wasting bandwidth since 1999

Still Moving Backwards

Our annual state technology conference took place earlier this week and, as always, the three days offered a lot to think about on the drive home, including an element of ambivalence as to whether meeting like this are still relevant.

As has been the trend at edtech events over the past few years, many presentations are focused on using interactive whiteboards (IWB) and their adopted second cousins, student response systems (aka clickers).

Part of that is likely driven by the fact that one or both of the largest vendors of these devices are usually big sponsors of the conferences, and that was no different here.

Anyway, I’ve offered more than a few negative posts on IWBs around here, but I still try attend a couple of sessions on the subject with an open mind, hoping that maybe someone has found an innovative way to use them.

Unfortunately, I didn’t see anything new.

Although students are sometimes invited to poke at the board, the examples still show the IWB being used and controlled by the teacher, and generally locking the classroom into one-way information delivery mode.

And the accompanying software, in which lessons are built, is essentially PowerPoint with lots of extra animation pieces and flashy gimmicks.

Then there are the clickers.

From where I sit, activities using them offer the illusion of student interactivity but are still completely teacher-directed and feel like little more than a multiple choice/true-false quiz show.

Advocates for these technologies always seem to arrive back at motivation as a primary justification for putting these expensive devices in every classroom.

Not that they offer students opportunities to communicate, express their creativity, or even show their learning beyond a basic, standardized test level.

Ok, fans of IWBs and/or clickers, tell me what I’ve missed, why I’m full of it and have no idea what I’m talking about.

Better yet, point me to some examples that use these devices in ways that don’t emulate teaching from fifty years ago enhanced with a few special effects.

I want someone to convince me that we’re not wasting millions of scarce dollars on technology that moves the classroom backwards.

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6 Comments

  1. No, you’re right. They CAN be used interactively, but they are not. People forget they are just tools. And I’m still trying to figure out if our education with technology is any better than the education my parents got…but somehow I don’t really think so…although I’m sure the papers we turn in are neater.

  2. Someone told me recently that it’s a “common fallacy” that IWB’s are supposed to be interactive with kids. Nay, this person went on to say, they are meant to be interactive with the material.

    I immediately clicked off that thread.

  3. Right out of college, I started every school day for two years firing up my IWB and wireless pad. I found the accompanying software helpful with archiving – which Bill calls “GREAT instructional practice [but] the wrong tool for the job” – and it allowed making math videos for my school a bit easier.
    With that said Tim, I agree with much of what you’ve said about IWBs, for instance “IWBs make it much easier for those teachers with a lecture/demo style to avoid change while still looking progressive and techie.” You’re right; I got high-fived for two years for that reason exactly. And I ate it up. Looking back however, I was probably one of the least effective teachers at that school in terms of the math my kiddos learned.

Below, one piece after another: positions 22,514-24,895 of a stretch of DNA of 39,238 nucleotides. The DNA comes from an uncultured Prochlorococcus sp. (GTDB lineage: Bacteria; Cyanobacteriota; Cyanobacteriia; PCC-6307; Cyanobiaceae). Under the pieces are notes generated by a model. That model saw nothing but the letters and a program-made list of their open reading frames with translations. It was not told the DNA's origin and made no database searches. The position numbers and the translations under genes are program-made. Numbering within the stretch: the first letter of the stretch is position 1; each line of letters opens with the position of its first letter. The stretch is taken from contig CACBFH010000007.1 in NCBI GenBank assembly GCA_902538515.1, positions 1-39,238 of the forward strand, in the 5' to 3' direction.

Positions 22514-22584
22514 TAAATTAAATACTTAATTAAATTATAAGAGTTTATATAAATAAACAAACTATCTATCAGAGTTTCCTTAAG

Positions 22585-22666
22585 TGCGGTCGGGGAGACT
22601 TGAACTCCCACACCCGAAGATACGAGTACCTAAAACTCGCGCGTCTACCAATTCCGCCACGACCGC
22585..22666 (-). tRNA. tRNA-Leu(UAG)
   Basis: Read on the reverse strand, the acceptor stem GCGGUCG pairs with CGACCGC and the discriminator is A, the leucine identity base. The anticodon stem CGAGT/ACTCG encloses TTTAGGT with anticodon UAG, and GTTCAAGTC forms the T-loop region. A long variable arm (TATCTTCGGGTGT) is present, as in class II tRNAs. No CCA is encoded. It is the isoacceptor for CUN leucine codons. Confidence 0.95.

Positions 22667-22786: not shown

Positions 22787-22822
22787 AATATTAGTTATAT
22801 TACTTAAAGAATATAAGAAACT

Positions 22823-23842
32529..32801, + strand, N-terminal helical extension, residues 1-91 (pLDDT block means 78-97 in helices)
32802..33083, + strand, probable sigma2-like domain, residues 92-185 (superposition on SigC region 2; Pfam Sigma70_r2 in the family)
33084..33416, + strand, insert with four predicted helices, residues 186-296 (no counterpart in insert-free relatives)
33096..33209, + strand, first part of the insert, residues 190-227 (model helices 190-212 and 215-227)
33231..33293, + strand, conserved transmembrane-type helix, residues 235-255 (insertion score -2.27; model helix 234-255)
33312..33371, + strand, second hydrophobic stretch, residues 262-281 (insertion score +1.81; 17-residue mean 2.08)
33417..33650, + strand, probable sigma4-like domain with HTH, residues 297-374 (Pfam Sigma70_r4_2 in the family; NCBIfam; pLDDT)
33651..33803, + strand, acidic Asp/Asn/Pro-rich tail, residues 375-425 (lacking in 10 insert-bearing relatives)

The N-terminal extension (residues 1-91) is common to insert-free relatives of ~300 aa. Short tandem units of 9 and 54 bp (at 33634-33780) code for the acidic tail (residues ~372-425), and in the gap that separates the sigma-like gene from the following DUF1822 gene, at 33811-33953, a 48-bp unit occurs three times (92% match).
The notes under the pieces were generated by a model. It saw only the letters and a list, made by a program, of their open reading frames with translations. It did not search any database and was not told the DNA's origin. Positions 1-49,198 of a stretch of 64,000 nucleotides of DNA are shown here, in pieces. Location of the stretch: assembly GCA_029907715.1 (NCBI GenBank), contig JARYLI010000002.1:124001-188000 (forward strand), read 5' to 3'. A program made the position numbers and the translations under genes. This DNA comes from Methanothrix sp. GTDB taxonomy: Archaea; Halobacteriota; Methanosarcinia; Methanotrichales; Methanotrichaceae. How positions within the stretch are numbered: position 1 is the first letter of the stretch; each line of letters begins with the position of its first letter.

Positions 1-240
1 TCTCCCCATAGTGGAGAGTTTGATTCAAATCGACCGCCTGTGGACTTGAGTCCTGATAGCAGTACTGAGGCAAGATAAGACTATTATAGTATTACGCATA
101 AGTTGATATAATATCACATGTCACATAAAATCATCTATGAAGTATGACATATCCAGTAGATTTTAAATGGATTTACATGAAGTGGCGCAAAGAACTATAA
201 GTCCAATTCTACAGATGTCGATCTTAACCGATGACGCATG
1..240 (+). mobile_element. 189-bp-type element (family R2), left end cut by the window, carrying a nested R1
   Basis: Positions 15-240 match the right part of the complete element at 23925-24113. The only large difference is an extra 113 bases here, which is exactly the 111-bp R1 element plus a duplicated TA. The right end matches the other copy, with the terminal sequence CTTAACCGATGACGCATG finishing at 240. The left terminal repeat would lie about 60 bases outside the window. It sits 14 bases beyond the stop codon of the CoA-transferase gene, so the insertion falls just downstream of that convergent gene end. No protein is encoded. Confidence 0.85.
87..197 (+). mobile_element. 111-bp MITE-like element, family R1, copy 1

IWBs make some things easier. But in the end, as with too many things, they’re just a product of someone trying to make a buck who doesn’t give two rat turds about the educational experiences of kids. My goal was always just to show the kids I cared about them and loved them. That matters more anyways.
    Enjoying the blog so far and will be back frequently.

  4. James

    Trying to package “clickers” as an interactive tool is completely ignoring the true worth of them which is to gather data. I never tell my teachers that a classroom participation system is an interactive tool. It is a tool for gathering immediate data in a quick and easy way that kids seem to enjoy.

  5. Tim

    James: It’s certainly possible to use clickers to quickly assess where students are in their learning, but I don’t see a lot of that happening in the schools I’m in. Most teachers who actually use them (a relatively small percentage) do so in rather superficial ways, for games or as a “motivation”. Is that worth the $1000+ cost of each set?

  6. At my school, we already have document cameras, laptops, and projectors. Several teachers have gotten IWBs (I was one of them, but chose not to take it with me when I changed classrooms). Love, love, love the document camera — I hope to never teach without one again! But as far as the IWB, I’ve found that for me, a better option is an iPad that uses AirDisplay to become a wireless 2nd monitor for my computer. I prepare a presentation ahead of time (I like the SMARTBoard notebook software, but PowerPoint or even a graphics app would work too) and then during class I wander around the room with the iPad and write on the big screen wirelessly. The iPad is about 1/4 the cost of the IWB systems, and I can hand it to a student and they can do a problem on the big screen too (math class). Then I can save the notes as a pdf file and post online for students to download later. For me, it’s a presentation tool. It is not some fancy, game-changing interactive solution. But it’s a cheaper replacement for an IWB, and rather than having to turn my back on the classroom, I get to wander among the students and lurk near troublemakers :)

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